Formatting External Hard Drives
How to reformat external hard drives or flash drives for Windows and Mac
To format in Windows, we will be using the File Explorer. This is the easiest way and simply requires you to plug in your USB Drive, open the Windows File Explorer and right click your drive to view a number of actions that you can perform.
Clicking the “format” option will open a new window where you can configure the available options before formatting your drive. Explanations of different formatting options are discussed at the bottom of the article.
The volume label is simply the name of your USB Drive. You can name your drive anything you want.
Once you have selected the options, you can click the format button to begin the formatting process. Ticking the “Quick Format” checkbox means that your drive will not be scanned for bad sectors. If you have a malfunctioning drive, you might want to uncheck that box for a more thorough scanning.
A success message will be displayed on the screen once the formatting is completed.
This is a simple procedure and is achieved the same way for all drive types and through all connections, be they USB, Firewire, or Thunderbolt. Formatting a drive will erase all data and partitions on the disk:
- Connect the hard drive or USB key to the Mac
- Launch Disk Utility, located in Applications > Utilities
- Locate the drive name from the left hand side of Disk Utility and click on it
- Click on the “Erase” tab across the top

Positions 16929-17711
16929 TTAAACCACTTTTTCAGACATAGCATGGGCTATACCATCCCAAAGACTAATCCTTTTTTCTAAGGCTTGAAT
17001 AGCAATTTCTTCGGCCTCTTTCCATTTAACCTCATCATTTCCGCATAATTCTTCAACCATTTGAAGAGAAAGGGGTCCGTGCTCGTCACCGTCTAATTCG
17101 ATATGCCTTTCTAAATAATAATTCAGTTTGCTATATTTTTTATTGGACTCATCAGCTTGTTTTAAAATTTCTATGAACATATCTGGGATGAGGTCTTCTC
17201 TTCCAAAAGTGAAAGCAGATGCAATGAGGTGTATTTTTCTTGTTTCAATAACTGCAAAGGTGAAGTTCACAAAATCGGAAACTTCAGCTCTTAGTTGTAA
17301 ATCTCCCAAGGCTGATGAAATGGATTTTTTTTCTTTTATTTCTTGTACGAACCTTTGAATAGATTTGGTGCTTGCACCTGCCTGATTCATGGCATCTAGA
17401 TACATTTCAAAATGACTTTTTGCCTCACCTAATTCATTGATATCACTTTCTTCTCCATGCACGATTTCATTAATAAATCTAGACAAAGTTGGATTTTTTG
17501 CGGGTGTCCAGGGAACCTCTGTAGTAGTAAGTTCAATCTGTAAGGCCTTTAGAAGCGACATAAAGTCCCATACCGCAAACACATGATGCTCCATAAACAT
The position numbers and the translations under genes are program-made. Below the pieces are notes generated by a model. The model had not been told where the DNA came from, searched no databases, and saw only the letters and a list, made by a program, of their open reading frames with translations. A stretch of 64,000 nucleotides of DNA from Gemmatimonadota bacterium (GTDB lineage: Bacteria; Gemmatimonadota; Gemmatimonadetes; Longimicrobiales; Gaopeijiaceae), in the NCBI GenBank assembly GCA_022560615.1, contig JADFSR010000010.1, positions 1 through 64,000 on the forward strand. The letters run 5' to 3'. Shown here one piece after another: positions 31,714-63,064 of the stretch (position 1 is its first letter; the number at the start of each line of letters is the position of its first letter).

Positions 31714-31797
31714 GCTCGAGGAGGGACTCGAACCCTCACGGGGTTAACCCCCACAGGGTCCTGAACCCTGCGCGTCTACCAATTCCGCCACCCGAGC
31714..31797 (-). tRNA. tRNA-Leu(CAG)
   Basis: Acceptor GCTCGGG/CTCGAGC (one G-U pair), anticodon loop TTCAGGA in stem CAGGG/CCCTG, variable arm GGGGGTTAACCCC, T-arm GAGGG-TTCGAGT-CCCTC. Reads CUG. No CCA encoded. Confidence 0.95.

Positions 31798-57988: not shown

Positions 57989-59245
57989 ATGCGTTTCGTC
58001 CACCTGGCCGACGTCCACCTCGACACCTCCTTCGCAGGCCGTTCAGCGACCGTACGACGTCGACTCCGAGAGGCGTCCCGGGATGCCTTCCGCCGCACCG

- Next to “Format:” click the contextual menu and select the formatting option you need. Formatting options will be explained at the bottom of the article.
- Name the drive if you want, the name can be changed at any point
- Click the “Erase” button and confirm again on the next pop-up window
That’s all there is to it, the drive will now format and erase everything on it. Smaller external hard drives, SSD’s, and USB flash keys format quickly, while a larger hard drive may take a while longer.
Mac OS Extended (Journaled) - This is the default file system format for Mac OS X drives.
Advantages: Formatting your USB flash drive this way will give you full interchangeability with Macs. The "Mac OS Extended (Journaled)" option will have the highest degree of support for Mac OS X features, and there's no limit to the size of files you can put on the drive.
Disadvantages: Windows-running PCs can read files from drives formatted this way, but they can't write to them. If you're transferring files from Macs to PCs, this won't be an issue; however, transferring files from PCs to Macs won't be possible if your drive is formatted in "Mac OS Extended (Journaled)." If you will only be working with Macs and not PCs, this may not be an issue. Otherwise, you may need to consider one of the file formats discussed below.
ExFAT - A newer file format, supported in Mac OS X 10.6.5 or later.
Advantages: ExFAT offers interchangeability between Macs and PCs. It supports file sizes larger than 4 GB, so if you have a need to move huge files between Macs and PCs, this is likely the format you'll want for your flash drive.
Disadvantages: As a relatively newer file system format, exFAT isn't supported in older versions of Mac OS X (anything prior to 10.6.5) or anything older than Windows XP. If you won't be dealing with older Macs or PCs, this may not be a problem.
NTFS - The default file system for Windows PCs.
Advantages: Formatting your USB flash drive this way will give you full interchangeability with Windows. The "NTFS" option will have the highest degree of support for Windows features, and there's no limit to the size of files you can put on the drive.
Disadvantages: Mac devices can read files from drives formatted this way, but they can't write to them. If you're transferring files from PCs to Macs, this won't be an issue; however, transferring files from Macs to PCs won't be possible if your drive is formatted in "NTFS". If you will only be working with PCs and not Macs, this may not be an issue. Otherwise, you may need to consider one of the file formats discussed above.